[from the Best American Travel Writing 2010, originally published in The Believer, October 2009]
After a short stay in Vienna, I arrived in Sighişoara, Romania, a tiny town in the foothills of the Carpathian Mountains.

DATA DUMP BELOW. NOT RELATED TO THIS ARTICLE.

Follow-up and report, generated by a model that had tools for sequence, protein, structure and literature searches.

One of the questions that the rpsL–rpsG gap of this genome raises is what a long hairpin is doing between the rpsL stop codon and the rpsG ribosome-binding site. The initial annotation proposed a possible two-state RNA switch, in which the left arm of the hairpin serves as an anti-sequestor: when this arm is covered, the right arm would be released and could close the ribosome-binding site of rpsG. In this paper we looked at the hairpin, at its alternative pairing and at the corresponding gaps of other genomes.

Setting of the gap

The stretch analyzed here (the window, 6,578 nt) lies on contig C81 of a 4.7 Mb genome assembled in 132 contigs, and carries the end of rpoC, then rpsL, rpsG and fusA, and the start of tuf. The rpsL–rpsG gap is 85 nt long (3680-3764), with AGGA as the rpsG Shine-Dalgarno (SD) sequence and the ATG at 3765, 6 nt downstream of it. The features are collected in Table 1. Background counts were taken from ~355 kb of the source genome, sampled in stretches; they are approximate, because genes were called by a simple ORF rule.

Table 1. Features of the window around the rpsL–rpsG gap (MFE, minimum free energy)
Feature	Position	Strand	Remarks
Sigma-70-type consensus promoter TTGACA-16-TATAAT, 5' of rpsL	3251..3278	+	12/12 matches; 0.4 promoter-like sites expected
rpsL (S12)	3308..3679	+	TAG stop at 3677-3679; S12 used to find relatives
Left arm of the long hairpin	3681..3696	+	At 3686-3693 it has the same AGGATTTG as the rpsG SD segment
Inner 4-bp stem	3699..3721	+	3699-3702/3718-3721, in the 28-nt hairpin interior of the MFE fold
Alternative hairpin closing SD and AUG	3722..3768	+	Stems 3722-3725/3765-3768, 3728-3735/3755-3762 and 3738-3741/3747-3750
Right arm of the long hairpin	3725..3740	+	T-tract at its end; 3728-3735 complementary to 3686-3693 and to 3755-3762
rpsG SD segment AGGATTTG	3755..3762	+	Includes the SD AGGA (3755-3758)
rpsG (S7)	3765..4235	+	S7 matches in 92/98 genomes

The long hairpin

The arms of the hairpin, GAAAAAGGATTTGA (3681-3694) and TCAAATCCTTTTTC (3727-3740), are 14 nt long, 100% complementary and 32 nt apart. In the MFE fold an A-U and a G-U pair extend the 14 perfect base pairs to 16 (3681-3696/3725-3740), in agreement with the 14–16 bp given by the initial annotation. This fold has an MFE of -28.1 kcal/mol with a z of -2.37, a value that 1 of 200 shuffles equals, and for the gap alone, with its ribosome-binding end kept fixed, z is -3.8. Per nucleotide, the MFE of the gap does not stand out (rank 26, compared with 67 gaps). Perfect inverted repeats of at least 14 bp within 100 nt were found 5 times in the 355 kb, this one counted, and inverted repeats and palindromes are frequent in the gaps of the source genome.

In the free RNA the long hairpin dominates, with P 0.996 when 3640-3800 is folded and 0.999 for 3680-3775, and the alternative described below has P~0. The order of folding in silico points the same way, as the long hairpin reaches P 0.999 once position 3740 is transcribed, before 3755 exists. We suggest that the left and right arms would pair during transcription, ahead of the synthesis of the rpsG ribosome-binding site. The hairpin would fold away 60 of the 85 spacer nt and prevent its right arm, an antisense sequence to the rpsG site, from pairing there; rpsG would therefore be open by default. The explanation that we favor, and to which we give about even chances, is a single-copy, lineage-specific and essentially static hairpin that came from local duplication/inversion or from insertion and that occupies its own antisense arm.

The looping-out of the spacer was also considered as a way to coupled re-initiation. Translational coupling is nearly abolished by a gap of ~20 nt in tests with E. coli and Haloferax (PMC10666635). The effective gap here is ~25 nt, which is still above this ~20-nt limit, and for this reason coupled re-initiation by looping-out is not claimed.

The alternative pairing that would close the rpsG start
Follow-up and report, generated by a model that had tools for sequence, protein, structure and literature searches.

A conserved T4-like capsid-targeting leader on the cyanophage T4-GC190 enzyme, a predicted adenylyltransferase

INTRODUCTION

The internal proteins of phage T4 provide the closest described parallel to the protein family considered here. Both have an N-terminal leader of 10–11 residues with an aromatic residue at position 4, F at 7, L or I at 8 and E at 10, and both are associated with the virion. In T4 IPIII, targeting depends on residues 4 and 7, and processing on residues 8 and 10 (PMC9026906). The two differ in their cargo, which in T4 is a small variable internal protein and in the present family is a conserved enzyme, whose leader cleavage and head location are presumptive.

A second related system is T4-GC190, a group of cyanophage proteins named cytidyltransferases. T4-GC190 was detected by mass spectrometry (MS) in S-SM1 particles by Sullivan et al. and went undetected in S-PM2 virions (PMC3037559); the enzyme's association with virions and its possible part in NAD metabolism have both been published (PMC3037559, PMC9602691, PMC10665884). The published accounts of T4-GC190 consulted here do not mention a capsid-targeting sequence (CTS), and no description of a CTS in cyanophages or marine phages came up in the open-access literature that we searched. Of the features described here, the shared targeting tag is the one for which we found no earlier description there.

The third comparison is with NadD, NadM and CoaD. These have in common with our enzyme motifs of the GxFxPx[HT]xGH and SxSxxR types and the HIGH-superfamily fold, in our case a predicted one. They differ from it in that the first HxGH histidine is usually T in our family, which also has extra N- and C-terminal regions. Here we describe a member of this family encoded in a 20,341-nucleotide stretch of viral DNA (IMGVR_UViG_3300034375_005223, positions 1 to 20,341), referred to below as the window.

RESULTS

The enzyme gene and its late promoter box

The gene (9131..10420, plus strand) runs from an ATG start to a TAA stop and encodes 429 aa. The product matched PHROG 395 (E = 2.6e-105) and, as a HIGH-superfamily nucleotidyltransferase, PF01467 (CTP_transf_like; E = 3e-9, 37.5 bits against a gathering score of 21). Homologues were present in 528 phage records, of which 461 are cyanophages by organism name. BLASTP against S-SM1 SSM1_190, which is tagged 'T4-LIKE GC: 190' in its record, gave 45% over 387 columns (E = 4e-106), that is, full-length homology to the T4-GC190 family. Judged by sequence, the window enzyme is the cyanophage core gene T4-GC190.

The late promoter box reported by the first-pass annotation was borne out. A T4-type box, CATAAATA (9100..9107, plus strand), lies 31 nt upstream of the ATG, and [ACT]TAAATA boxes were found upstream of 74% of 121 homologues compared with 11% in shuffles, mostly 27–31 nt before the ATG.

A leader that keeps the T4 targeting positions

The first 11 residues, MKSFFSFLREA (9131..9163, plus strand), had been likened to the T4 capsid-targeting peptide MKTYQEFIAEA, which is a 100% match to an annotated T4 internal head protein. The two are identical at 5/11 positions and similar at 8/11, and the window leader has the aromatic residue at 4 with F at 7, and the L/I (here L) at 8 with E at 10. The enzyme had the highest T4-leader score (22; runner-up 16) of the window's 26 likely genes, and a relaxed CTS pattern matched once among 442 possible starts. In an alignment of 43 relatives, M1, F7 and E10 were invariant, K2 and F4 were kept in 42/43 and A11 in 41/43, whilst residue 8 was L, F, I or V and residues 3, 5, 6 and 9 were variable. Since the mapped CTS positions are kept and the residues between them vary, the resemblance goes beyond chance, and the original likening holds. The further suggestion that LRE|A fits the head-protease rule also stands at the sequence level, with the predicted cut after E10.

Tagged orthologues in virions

An article in a guidebook to Eastern Europe from 1998—the source of my original attraction to Sighişoara—had warned that the area would lack the usual trappings of tourist destinations. Transylvania, it read, that region in Romania of which Sighişoara is a principal attraction, offers the traveler dark, mist-shrouded hills and startlingly preserved medieval towns, but is also characterized by unreliable transportation, rampant inflation, and occasional danger from rabid dogs. As I walked on that first morning through the town, whose cobblestone streets were lined by low, squat houses with tiled roofs, while horse-drawn carts creaked by me as often as coughing Soviet-era cars, and crowds of youths lounged against the lower walls of the citadel at the heart of the town, sporting spiked hair and tracksuits emblazoned with the insignias of exotic sports teams, while the dark spires of a medieval clock tower loomed above us all, awaiting the turning of the hour, when its miniature, painted wooden figurines would execute a tiny, lifeless dance, it was easy to imagine that I was the only foreigner in Sighişoara. At least those were my thoughts as I climbed the winding stone steps into the heights of the citadel. Looking down from a window of the clock tower at the comings and goings of the town, which seemed so free of the unnatural animation common to more famous cities, I found it almost impossible to comprehend that just three days earlier I had been in Paris, driven almost to distraction by swarms of foreigners, whom I had begun to imagine lurked with burning eyes and strange appetites in the shadows of every street corner.